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Residual Romanticism in a Contemporary Shanghai Novel

Through a close reading of Wei Hui's bestseller Shanghai Baby (1999), this article highlights five elements to delimit a post-romantic neoliberal literary sensibility and its ruptures: (1) a "melotraumatic" quest for exuberance, (2)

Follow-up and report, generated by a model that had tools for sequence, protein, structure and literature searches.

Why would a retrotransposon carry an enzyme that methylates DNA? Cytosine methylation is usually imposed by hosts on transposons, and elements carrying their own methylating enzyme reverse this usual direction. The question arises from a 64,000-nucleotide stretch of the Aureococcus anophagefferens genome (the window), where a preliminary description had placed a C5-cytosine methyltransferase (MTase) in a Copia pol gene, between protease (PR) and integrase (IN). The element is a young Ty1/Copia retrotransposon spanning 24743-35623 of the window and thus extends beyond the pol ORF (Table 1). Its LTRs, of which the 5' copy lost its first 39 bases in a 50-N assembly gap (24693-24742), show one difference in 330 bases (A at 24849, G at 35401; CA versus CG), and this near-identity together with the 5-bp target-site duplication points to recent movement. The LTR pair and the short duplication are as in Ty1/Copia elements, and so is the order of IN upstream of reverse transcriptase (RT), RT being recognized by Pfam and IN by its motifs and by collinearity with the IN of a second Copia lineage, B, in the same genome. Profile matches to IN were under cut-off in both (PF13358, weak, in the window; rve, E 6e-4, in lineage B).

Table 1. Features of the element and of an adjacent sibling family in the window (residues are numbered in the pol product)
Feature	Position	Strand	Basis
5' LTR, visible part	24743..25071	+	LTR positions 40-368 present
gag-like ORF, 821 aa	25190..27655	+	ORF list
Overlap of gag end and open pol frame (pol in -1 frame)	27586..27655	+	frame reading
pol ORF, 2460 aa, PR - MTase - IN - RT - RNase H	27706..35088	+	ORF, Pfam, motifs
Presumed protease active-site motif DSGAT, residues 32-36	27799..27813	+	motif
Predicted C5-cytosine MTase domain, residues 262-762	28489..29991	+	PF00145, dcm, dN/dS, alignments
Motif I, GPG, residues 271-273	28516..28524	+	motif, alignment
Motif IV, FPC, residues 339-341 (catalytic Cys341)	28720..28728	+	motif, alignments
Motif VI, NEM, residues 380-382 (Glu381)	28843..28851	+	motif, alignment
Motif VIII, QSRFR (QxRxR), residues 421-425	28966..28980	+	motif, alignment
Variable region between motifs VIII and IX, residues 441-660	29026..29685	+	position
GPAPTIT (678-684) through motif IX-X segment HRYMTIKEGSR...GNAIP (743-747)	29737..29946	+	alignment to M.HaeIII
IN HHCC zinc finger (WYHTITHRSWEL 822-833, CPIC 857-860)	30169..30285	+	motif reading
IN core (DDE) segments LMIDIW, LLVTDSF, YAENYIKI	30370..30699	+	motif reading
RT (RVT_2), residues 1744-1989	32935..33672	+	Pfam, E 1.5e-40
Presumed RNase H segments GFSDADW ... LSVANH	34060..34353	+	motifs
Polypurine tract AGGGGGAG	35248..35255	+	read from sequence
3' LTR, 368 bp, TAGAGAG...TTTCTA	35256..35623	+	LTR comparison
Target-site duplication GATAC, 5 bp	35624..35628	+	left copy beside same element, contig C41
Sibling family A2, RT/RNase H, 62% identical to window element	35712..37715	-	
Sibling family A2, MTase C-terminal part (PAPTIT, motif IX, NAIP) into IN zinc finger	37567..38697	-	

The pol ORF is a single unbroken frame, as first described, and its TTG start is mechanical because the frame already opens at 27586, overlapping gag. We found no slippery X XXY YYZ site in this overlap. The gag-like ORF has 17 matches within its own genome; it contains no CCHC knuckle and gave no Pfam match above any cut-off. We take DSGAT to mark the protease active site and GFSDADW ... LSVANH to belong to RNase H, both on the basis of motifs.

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  Front. Lit. Stud. China 2017, 11(1): 106–132DOI 10.3868/s010-006-017-0005-2Sabina Knight (  )Department of Comparative Literature, Smith College, Northampton, Massachusetts01063, USAE-mail: SPECIAL ISSUE ARTICLE Sabina Knight Residual Romanticism in a ContemporaryShanghai Novel Abstract  Through a close reading of Wei Hui’s bestseller   Shanghai Baby (1999), this article highlights five elements to delimit a post-romanticneoliberal literary sensibility and its ruptures: (1) a “melotraumatic” quest for exuberance, (2) denial of dependency, (3) a celebration of individual choiceand market rationalities, (4) disillusionment and disappointment, and (5) aquest for intelligibility through narrative. Along the way I probe the narrator’sresidual romanticism as a little-addressed foundation of the novel’stestimony to a generational sensibility. By examining the relationshipbetween Coco the narrator and Coco the protagonist, I contend that thenarrator’s sustained self-remembering evokes her growing unease withneoliberal values. The tension between post-romantic cynicism and residualromanticism suggests the extent to which a supposedly dissident novel mayentice precisely for the ways its deep structure reinforces dominantdiscourses. Whereas Coco the protagonist follows a logic of consumerism,Coco the narrator gestures to non-commercial values—loyalty, care, empathy,trust, and solidarity. Appreciating the novel’s residual romanticism alongsideits post-romantic cynicism sheds new light on the story, its context,ambiguous feminism, and reception. Keywords  market rationality, residual romanticism, feminism,  ShanghaiBaby , Wei Hui, chick lit, body writing Introduction Wei Hui’s  卫慧  (1973–) novel,  Shanghai Baby  上海宝贝  (1999), sold over a  Residual Romanticism in a Contemporary ShanghaiNovel 107 million copies within two years of publication, further millions in Chinathereafter, and millions abroad in more than thirty languages. The novelmade Wei Hui the most famous of China’s contemporary “glamour girlwriters” ( meinü zuojia  美女作家 ), so dubbed for their works’ sensationalismand their jaundiced view of romantic love. 1 What accounts for the book’sappeal and longevity in scholarly discussions? Scholars have analyzed themany facets of the novel: its misandry, posturing, and generalizations; 2 itsportrait of Chinese urban youth’s negotiations of individualism; 3 its windowonto the effects of globalization on class, gender, and cultural citizenship; 4 its expression of a generation’s anxiety, hopelessness and nihilism; 5 and itsfraught reception among public intellectuals advocating for women’s rights. 6 Eva Chen  陈音颐  well represents the novel as exemplifying a neoliberalsubjectivity central to the global chick-lit genre. 7 To further the discussionbegun by these more sociological studies, this article offers a close reading ofWei Hui’s novel to explore its residual romanticism, a crucial source of itsresonance for readers with neoliberal sensibilities. 8 Against romantic visions of love that promise emotional fulfillment, 1 Other well known “glamour girl writers” include Mian Mian  棉棉 , Zhou Jieru  周洁茹 ,Zhao Bo  赵波 , and Zhu Wenying 朱文颖 . After Wei Hui, Mian Mian is the most notorious,especially for her novel  Tang   糖  ( Candy , 2000). 2 Shen Yuanfang, “Sexuality in East-West Encounters:  Shanghai Baby and  Mistaken Love .” 3 Ian Weber, “ Shanghai Baby : Negotiating Youth Self-Identity in Urban China.” 4 Deirdre Sabina Knight, “Shanghai Cosmopolitan: Class, Gender and Cultural Citizenshipin Weihui’s  Shanghai Babe .” 5 Lin Zhong, “Xiandairen de jiaolü he wuwang: Lun Wei Hui xiaoshuo zhong de renwu dejingshen tezhi.” 6 Xueping Zhong, “Who Is a Feminist? Understanding the Ambivalence toward ShanghaiBaby, ‘Body Writing’ and Feminism in Post-Women’s Liberation China”; and Kay Schaffer and Xianlin Song, “‘Beauty Writers,’ Consumer Culture and Global China: Wei Hui’s Shanghai Baby , Mian Mian’s  Candy  and the Internet Generation.” 7 Eva Chen, “ Shanghai Baby  as a Chinese Chick-Lit: Female Empowerment and NeoliberalConsumerist Agency”; and Eva Chen, “Shanghai(ed) Babies: Geopolitics, Biopolitics andthe Global Chick Lit.” 8 Although beyond the scope of this essay, my argument about residual romanticismmight help elucidate other “glamour girl” works, as well as more high-brow ( ya  雅 )literary fiction by authors such as Tie Ning 铁凝 , Bi Shumin 毕淑敏 , Can Xue 残雪 , Chen Ran 陈染 , Lin Bai  林白 and Hong Ying 虹影 , and poetry by Zhai Yongming  翟永明 and Lu Yimin 陆忆敏 . Such a treatment could build on Xin Yang’s work contextualizing  Shanghai Baby among Wei Hui’s other works, sequels by others, and in the tradition of women writers“vocal about female sexuality,” 69, including Ding Ling 丁玲 , Lin Bai and Chen Ran. See XinYang, “Glamorously Intellectual: An Intertextual Reading of Wei Hui.”  Sabina Knight108 especially prevalent in Chinese fiction of 1978–85,  Shanghai Baby  appears tomanifest distrust of traditional romantic scripts. The novel thus figured withinan ongoing countermovement evident since the early 1980s wherein Chinesewriters explored themes of sexual repression and deviance in ways thatcalled romantic love into question. 9 Wei Hui (a self-identified feminist) 10 andother “glamour girl writers” took sensationalism even further as their characters struggle to make sense of their lives within a post-romantic order.Popular and scholarly writings have rightly emphasized the performance ofsexuality and self-exposure these writers use to market their works. 11 Yet it isalso a yearning for romantic exuberance and other characteristics of literaryromanticism that distinguish these writers and may explain the allure of their “body writing” ( shenti xiezuo  身体写作  or   quti xiezuo  躯体写作 ), a termwhose career in China I address at the end of the article.After introducing the novel, this article highlights five elements to delimit apost-romantic neoliberal literary sensibility and its ruptures: (1) a“melotraumatic” quest for exuberance, (2) denial of dependency, (3) acelebration of individual choice and market rationalities, (4) disillusionmentand disappointment, and (5) a quest for intelligibility through narrative.Along the way I probe the narrator’s residual romanticism as alittle-addressed foundation of the novel’s testimony to a generationalsensibility. Appreciating the novel’s residual romanticism alongside itspost-romantic cynicism sheds new light on the story, its context, ambiguous 9 Zhang Xianliang  张贤亮  confronted sexual repression as both a result of and ametaphor for political repression in his novella  Lühuashu  绿化树  (Mimosa, 1984) and hisnovels  Nanren de yiban shi nüren  男人的一半是女人  (Half of man is woman, 1985) and  Xiguan siwang   习惯死亡  (Getting used to dying, 1989). The last novel prefigures the“melotraumatic” mode discussed below, as the confessional narrator admits that sexserves as a means of proving to himself that he is alive. In another vein, Wang Shuo’s  王朔 “hoodlum” ( liumang   流氓 ) fiction about exploitative sexual encounters heralded later works by male compatriots He Dun 何顿 , Qiu Huadong  邱华栋 , and Zhu Wen 朱文 , who,with the “glamour girl authors,” were dubbed “unconventional” or “alternative” ( linglei 另类 ) writers. 10 Born Zhou Weihui, Wei Hui prefers to drop her surname Zhou and use only her givenname. Separating the two characters downplays the potentially feminist act of using just agiven name. 11 Megan Ferry, “Marketing Chinese Women Writers in the 1990s, or the Politics of SelfFashioning”; Sheldon H. Lu, “Popular Culture and Body Politics: Beauty Writers inContemporary China”; Xin Yang, “Glamorously Intellectual”; and Kay Schaffer and XianlinSong, “‘Beauty Writers,’ Consumer Culture and Global China.”  Residual Romanticism in a Contemporary ShanghaiNovel 109 feminism, and reception. Shanghai Baby  capitalizes on Shanghai’s distinctive position as one of theworld’s most exuberant sites of material and cultural consumption. Aninternational hub of artistic, intellectual, and social transformations,Shanghai’s global flows are key both to the story within the novel and to thenovel’s runaway success. Wei Hui’s semi-autobiographical protagonist adoptsthe name Coco, after Coco Chanel, and Shanghai’s cosmopolitan energyinforms her romantic mission in writing her novel. As she experiments with adizzying array of value orientations, the terms of her choices reflect theinternational fashions of global capitalism in a burgeoning metropolis. A“once-and-now-again global city,” 12 Shanghai offers Coco a dynamic stageupon which to fashion herself and perform as a consumer. Guided by a globalneoliberal ideology that foregrounds personal fulfillment, Coco produces alocalized testimony that aims—in high romantic fashion—to express thespirit of her time and place.Far from presenting a plot leading toward fulfillment,  Shanghai Baby  stagesa post-romantic drama of dual loss. Coco, the first-person narrator, chroniclesan affair that she experiences as compromising her ideals, diminishing her self-esteem, and hastening her primary partner’s death. Rather than push her drug-addicted partner Tian Tian  天天  to make a living, reconcile with hismother, or confront his sexual dysfunction, Coco plunges into asadomasochistic affair with Mark, a hyper-efficient married Germanbusinessman. In substituting Mark for Tian Tian, Coco extends to the intimatedomain a neoliberal market rationality based on consumer desire andsupplier competition. This rationality also highlights self-reliance (rather thaninterdependence) and the pursuit of solutions to life problems within acompetitive market place. Yet much of the novel expresses Coco’s desperateretrospective project to evade despair after Tian Tian’s overdose and Mark’sdeparture leave her bereft of both lovers. Given that Tian Tian relapses,overdoses, and dies after discovering her betrayal, Coco could be paralyzedby guilt. Instead she dramatizes her shame to integrate her memories in aseemingly post-romantic narrative.Beneath her rationalizations, Coco’s emotions betray a deep desire to 12 Jeffrey Wasserstrom,  GlobalShanghai, 1850–2010: A History in Fragments , 11.  Sabina Knight110 reconstitute her identity within a romantic quest for the truth of her times.By examining the relationship between Coco the narrator and Coco theprotagonist, I contend that the narrator’s sustained self-remembering evokesher growing unease with neoliberal values. Whereas Coco the protagonistseems tied to a logic of consumerism that binds her in dynamics motivated byself-interest, Coco the narrator gestures to non-commercial values—loyalty,care, empathy, trust, and solidarity.Without presuming to characterize the author Wei Hui’s intentions, I readthe text’s resistance to market rationality as offering a romantic critique ofneoliberal ideology. At the very least, Coco’s conflicts attest to ambivalence.Central to global “chick lit,” this “capacity for ambivalence” is, as WencheOmmundsen writes, easily ignored when the genre is dismissed as “thecomplicit product of the new cultural norm of individualism defined byconsumption, or even as one of its main instruments of propaganda.” 13 For behind the chic façade,  Shanghai Baby  testifies to a generation’s anxiousnegotiation of conflicting values—traditional, romantic, feminist,postmodern, and neoliberal. 14 MelotraumaandtheQuestforExuberance Shanghai Baby  voices acute anxiety about accessing desire, and Coco’swriting of her novel can be interpreted as an urgent romantic project torevivify the present. Lauren Berlant has used the term “melotrauma” toname a mode of writing or living that is anchored in such a project:Melotrauma is a fundamentally temporal form, focusing on the urgencyto wrest the present both from the forms we know—the burden ofinheritance, of personality, of normativity—and from the ones we canonly imagine in the futures to which the claims of the present are always 13 Wenche Ommundsen, “From China with Love: Chick Lit and the New Crossover Fiction,”333. 14 The Chinese srcinal, though uneven, contains experimental and philosophical passagesexcised from the more sensational English translation.